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Oral History, Then And Now

April 25, 2022

Over the course of the 1980s, a dedicated group of Presbyterian Historical Society volunteers--including former PHS Board member Bill Marshall--spread out across the country to gather the testimonies of significant Presbyterians. Among these noteworthy Presbyterians were missionaries, former prisoners of war, and the first generation of ordained women. The ways we collect oral histories forty-plus years later have changed, but the reasons for doing them—to gather voices that guide readers through the historic record, to bridge gaps in our understanding—remain the same.


The 1970s was a period of relative ferment in archivism, with the growth of labor archives, women’s archives, Black archives, and urban archives, as well as the increased production of subject-based guides to collections. Coordinate with this flowering of documentation of American social movements was the rapid evolution of a killer app for mobile audio recording: the audio cassette.

By about 1965, open-reel tape recorders had become extremely portable. Though the sound quality of open-reel tape would keep the format in use until the 1980s, it had its drawbacks—especially for the amateur oral historian. The three-inch reels typically used in the very smallest recorders had short runtimes, about 15 minutes at 3-3/4 inches of tape per second. You could double this time by recording at 1-7/8 ips, but with lower fidelity. The self-contained compact cassette created by Philips in the 1960s enabled users to record double the length—half an hour on each side—on smaller devices, and without the potential hassle of a rapidly unspooling reel.

 

A 1968 Philips audio cassette recorder. From Wikipedia.

Among the audio cassettes we've preserved is a 1979 recording of Trinity University's Lois Boyd leading a seminar for PHS's Oral History Committee. Much of our oral history collection bears the names of Lois and her collaborator R. Douglas Brackenridge, and this seminar may represent the start of their work for PHS. Lois speaks of oral history as a means of creating inclusivity: "we want information from the captains and the kings and the privates and the lieutenants." The event brought Board members together with ministers like Cape Fear Presbytery's James Enoch Kearney, and Watsonville, California's Sumio Koga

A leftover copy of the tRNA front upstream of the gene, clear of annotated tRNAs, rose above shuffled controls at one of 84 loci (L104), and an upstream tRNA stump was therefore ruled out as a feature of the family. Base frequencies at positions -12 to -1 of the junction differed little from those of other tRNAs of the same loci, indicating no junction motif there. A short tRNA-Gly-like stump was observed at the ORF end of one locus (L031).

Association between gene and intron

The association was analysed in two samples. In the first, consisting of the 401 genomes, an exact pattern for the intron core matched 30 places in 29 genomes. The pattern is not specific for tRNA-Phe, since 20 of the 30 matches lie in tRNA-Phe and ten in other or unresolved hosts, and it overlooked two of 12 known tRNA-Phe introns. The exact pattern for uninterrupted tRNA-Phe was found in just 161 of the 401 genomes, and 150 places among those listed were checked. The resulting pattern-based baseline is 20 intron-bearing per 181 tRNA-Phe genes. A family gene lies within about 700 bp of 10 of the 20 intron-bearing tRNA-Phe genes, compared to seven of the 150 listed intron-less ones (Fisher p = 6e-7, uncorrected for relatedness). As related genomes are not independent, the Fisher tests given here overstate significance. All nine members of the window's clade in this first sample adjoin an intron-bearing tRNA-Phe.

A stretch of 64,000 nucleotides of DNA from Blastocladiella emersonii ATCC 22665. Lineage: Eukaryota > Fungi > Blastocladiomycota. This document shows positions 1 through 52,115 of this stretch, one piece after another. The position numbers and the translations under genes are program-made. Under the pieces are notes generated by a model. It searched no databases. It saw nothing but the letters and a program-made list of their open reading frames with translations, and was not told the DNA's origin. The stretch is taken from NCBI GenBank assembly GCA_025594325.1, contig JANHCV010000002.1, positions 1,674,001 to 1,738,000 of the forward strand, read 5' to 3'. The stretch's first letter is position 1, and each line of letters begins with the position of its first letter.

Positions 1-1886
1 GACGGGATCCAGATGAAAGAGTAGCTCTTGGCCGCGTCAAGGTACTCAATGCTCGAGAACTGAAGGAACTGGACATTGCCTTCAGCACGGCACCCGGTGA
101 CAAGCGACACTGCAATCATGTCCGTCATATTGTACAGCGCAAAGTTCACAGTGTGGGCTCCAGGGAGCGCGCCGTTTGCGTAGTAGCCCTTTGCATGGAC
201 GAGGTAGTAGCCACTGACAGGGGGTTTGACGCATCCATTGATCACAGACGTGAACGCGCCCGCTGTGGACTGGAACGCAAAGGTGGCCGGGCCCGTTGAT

Over the course of the late 1970s and 1980s people familiar with PHS produced thousands of hours of recorded testimonies. These included an early-career Katie Geneva Cannon reflecting on growing up inside Catawba Presbytery:

A late-career Walter Soboleff reflecting on Memorial Presbyterian Church in Juneau, the "Church of All Nations":

And Eugene Carson Blake recounting that he was recruited by the CIA to spy on his Russian Orthodox peers during a trip to Moscow:

Audiences of 2022 might assume that the intended product of an oral history interview would have been the recorded sound itself. While it's true that we would copy cassettes for researchers, the real product was the transcript. Transcripts were typewritten and edited by hand, usually by volunteers. We still have the American Association for State and Local History's 1977 guide, which includes a small flexidisc record with a voice actor performing the worst possible oral history, intended to guide the user in the nuances of making a legible, rather than a verbatim transcript.

 

PHS adopted machine transcription relatively early, subscribing to the tech startup Pop-Up Archive in 2014. This was an online, open-source speech to text software, ultimately marketed toward podcast producers, that Apple bought out in 2017. The early products of this kind of software weren't terribly reliable. The most readily available text corpus for human speech online was Rapgenius (now just Genius), and early machine transcripts reflected that. Accordingly, the machines required a lot of intervention to edit.

 

A 1980s Dictaphone, with pedal for controlling playback speed, from PHS holdings. 

What's remarkable about the old platform (and the new one we use) is that annotations of audio are recursive. They get fed back into the speech recognition engine, so that the more edits users contribute, the more accurate machine transcription gets. So, when we took Eugene Carson Blake's eulogy for John F. Kennedy and corrected "make it bun dem lyrics" to "make it abundantly clear," that edit joined hundreds of thousands of other edits, making a new text corpus for the engine to use.

The explosion of the podcast-industrial complex in the past five or so years has accordingly made some machine transcripts very reliable. In our experience, however, machine transcripts of English speakers from outside the white, studio broadcast norm have poorer fidelity. With additional digitization and annotation, hopefully we can contribute to making machines that properly represent the whole panoply of speakers.

Oral history interviews remain an important tactic for our collection development and have arguably become more important to us over the course of the COVID-19 pandemic. Widespread comfort with videoconferencing has shortened the distance between us and prominent servants of the church, allowing us to start a conversation about an individual's personal papers, for example, by taking their testimony first. Oral history remains a significant means of expanding our reach and building a more just and inclusive archives.

Learn more

Remembering Bill Marshall, oral historian

Oral history collection in Pearl

Alice Brasfield's oral histories of clergywomen

StoryCorps DIY